Today I want to share one of my hands down absolute favorite Vinaigrettes. One of my favorite dressings of any kind. Honey Citrus Vinaigrette.
This little dressing is like a spring tonic. It’s fresh, it’s bright and you’ll probably just want to drink it, it’s that good. It’s simple, too, and you may even have everything on hand that’s needed for Honey Citrus Vinaigrette.
About Honey Citrus Vinaigrette:
As the name implies, this dressing is made with Honey and Citrus and a little Vinegar. I usually make it with oranges but if you want to, go wild and try it with lime (and maybe a little cumin) or lemon and keep it in mind next time you have one of those bags or boxes or tangerines or tangelos or cuties. If you catch blood oranges in the store, they’re marvelous in this dressing. Try making this with rice vinegar and sesame seeds if you want a little Asian flair (leave out the poppyseeds) and chives or thinly sliced green onion are good in this dressing, too.
I’d advise doubling or tripling this dressing because you’ll probably want to keep it on hand. I love Honey Citrus Vinaigrette for a winter salad, and in the late spring when everything is brown and muddy and dreary, this bright little dressing makes the day seem better.
I use this dressing a lot and really love it on my Orange, Avocado and Red Onion Salad which is just oranges or Mandarin oranges, slices of avocado layered on a bed of lettuce. Scatter thinly sliced red onion over the top and you’ll have a gorgeous presentation.
Another favorite salad that I use Honey Citrus Vinaigrette on is my “Beet Goes On” Salad. Yeah, about that name. I just couldn’t help myself at the time! The Beet Goes On is butter or bibb lettuce, pickled or roasted beets, and goat cheese. Also strewn with thinly sliced red onion. The dressing is magical on this salad.
Try Honey Citrus Vinaigrette as a dressing for a fruit salad (add more honey or leave out the garlic, if you want) or toss it over orange supremes.
Making Honey Citrus Vinaigrette:
I often just throw Honey Citrus Vinaigrette together, carelessly and spur of the moment, paying very little attention to proportions and measurements, and it always turns out great.
These types of citrus vinaigrettes usually have one half part oil and about a quarter each of citrus and vinegar, but I don’t sweat the proportions. If I’m a bit light on the citrus, I add a bit more vinegar, and possibly a bit more honey. The Dijon helps thicken and emulsify and the garlic and zest add so much flavor.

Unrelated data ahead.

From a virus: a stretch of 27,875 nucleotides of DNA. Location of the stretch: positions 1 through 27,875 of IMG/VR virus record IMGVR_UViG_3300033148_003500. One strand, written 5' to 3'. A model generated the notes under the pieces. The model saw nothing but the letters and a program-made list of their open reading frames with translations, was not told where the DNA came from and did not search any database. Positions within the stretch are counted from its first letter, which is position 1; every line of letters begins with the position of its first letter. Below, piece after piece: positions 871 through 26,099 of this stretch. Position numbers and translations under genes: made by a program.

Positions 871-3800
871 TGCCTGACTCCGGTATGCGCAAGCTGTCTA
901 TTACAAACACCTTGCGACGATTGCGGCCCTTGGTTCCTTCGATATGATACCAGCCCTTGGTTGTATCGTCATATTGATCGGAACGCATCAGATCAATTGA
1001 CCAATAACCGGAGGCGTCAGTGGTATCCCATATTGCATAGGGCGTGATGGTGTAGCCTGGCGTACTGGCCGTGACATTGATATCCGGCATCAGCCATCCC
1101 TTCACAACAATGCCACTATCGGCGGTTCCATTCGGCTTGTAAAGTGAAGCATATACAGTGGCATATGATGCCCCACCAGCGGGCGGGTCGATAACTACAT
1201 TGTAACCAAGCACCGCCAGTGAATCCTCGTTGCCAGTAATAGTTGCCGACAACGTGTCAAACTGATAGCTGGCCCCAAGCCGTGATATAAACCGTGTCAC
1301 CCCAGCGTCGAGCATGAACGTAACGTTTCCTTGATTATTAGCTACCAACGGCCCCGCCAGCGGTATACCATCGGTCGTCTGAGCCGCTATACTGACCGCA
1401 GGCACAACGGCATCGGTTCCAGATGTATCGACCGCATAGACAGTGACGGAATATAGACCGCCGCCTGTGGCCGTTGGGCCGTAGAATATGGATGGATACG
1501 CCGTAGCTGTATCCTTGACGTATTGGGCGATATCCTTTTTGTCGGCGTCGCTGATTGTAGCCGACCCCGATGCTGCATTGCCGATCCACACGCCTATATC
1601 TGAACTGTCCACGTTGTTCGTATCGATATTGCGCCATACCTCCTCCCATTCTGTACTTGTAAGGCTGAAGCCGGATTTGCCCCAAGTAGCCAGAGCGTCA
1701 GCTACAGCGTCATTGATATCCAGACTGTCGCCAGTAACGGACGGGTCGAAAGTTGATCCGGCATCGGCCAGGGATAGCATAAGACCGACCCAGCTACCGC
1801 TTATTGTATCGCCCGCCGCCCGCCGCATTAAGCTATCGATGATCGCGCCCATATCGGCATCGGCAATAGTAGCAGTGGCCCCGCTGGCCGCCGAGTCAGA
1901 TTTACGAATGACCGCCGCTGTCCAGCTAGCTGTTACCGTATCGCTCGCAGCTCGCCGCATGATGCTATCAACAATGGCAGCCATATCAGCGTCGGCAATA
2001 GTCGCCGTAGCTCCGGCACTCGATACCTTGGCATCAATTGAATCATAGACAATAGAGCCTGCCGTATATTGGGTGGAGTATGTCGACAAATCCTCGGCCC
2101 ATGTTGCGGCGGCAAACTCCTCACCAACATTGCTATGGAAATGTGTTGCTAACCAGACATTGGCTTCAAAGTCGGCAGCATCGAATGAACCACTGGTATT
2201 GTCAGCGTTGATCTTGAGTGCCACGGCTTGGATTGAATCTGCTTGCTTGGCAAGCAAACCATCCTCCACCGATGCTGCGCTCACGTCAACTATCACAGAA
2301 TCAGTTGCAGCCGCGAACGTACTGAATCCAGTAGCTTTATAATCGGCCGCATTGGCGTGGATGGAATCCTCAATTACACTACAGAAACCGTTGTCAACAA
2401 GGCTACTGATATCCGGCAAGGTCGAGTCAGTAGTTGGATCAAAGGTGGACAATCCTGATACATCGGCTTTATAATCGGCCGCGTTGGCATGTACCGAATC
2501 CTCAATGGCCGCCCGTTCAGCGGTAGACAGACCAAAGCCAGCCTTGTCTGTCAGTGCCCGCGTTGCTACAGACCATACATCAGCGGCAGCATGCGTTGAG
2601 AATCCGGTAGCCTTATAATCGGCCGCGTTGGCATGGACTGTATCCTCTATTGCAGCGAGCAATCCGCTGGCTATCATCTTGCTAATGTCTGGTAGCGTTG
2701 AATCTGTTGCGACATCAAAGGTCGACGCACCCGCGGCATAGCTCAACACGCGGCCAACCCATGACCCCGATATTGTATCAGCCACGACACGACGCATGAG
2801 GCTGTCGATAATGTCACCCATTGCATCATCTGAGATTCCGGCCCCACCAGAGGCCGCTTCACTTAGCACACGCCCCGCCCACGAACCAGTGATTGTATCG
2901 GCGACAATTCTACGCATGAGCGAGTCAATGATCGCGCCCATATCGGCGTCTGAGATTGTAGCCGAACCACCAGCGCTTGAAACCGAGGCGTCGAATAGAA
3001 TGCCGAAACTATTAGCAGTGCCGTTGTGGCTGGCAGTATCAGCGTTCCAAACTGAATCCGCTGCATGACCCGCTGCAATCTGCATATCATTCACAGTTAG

Any light vinegar is perfect: White Wine or Rice Vinegar, are both great, and Champagne Vinegar is best of all if you 1) can find it and 2) find it for a decent price. It seems to be more available these days.
Saving Money on Honey Citrus Vinaigrette:
As for the pricing, the real cost is the oranges and the oil. The rest of the ingredients are just pennies. Bonus for this dressing, though, for being the perfect way to use up the last of that bag of oranges languishing in the fridge and maybe not quite at their peak any longer. If the oranges are on the drier side, you may need more than one. I make it a habit to zest a lot of my citrus and either dry it to have it on hand for dressings or toss it in a small Ziploc in the freezer. Then dressings like this are even quicker to make.
I always compare sales prices when I buy fruit, especially if I’m looking at a larger bag like we see so often in late winter to early spring. I try, too, to stock up on vinegar for the year prior to Easter when it’s always on sale…and not just the jugs like you’d expect (Easter Egg Dying) but the specialty vinegar is usually marked down, too.
Olive oil is my choice of oil even though it’s more expensive than other oils. I think it’s a worthwhile splurge. Look for a cold pressed oil, and look for a pure olive oil or you might be paying more for what is just a mix of olive oil and some type of vegetable oil. I do watch for sales and I haven’t yet checked for olive oil at Aldi but picked it up last time at Costco for a great price. If you do buy a huge jug of it, it’s worthwhile to decant it into smaller bottles and keep them tightly closed in a cool place. They’ll keep fresher, longer.Print
Honey Citrus Vinaigrette
Super easy dressing but tastes so good! You might have everything you need on hand.
- Prep Time: 10 minutes
- Total Time: 10 minutes
- Yield: 3/4 cup 1x
- Juice and zest from one orange (or about 1/4 cup of orange juice)
- 1 1/2 teaspoons to a tablespoon honey
- 1/4 cup light olive oil
- 1/2 to one teaspoon Dijon
- 2 tablespoons of a light vinegar, and up to 1/4 cup depending on how sweet/tart you’d like the dressing to be
- 1 clove garlic, crushed and finely minced
- a few grinds of pepper
- 1/4 teaspoon salt
- Poppy seeds, optional
- Salad greens and/or fruit of your choice.
Mix all dressing ingredients in a small jar and shake. Add poppy seeds if using. Poppy seed go best with a fruit salad.
When stored in the fridge, the olive oil might harden. Keep it in the door where it is not as cool, bring it out ahead of time to dress salads or microwave it for a few seconds to warm the oil.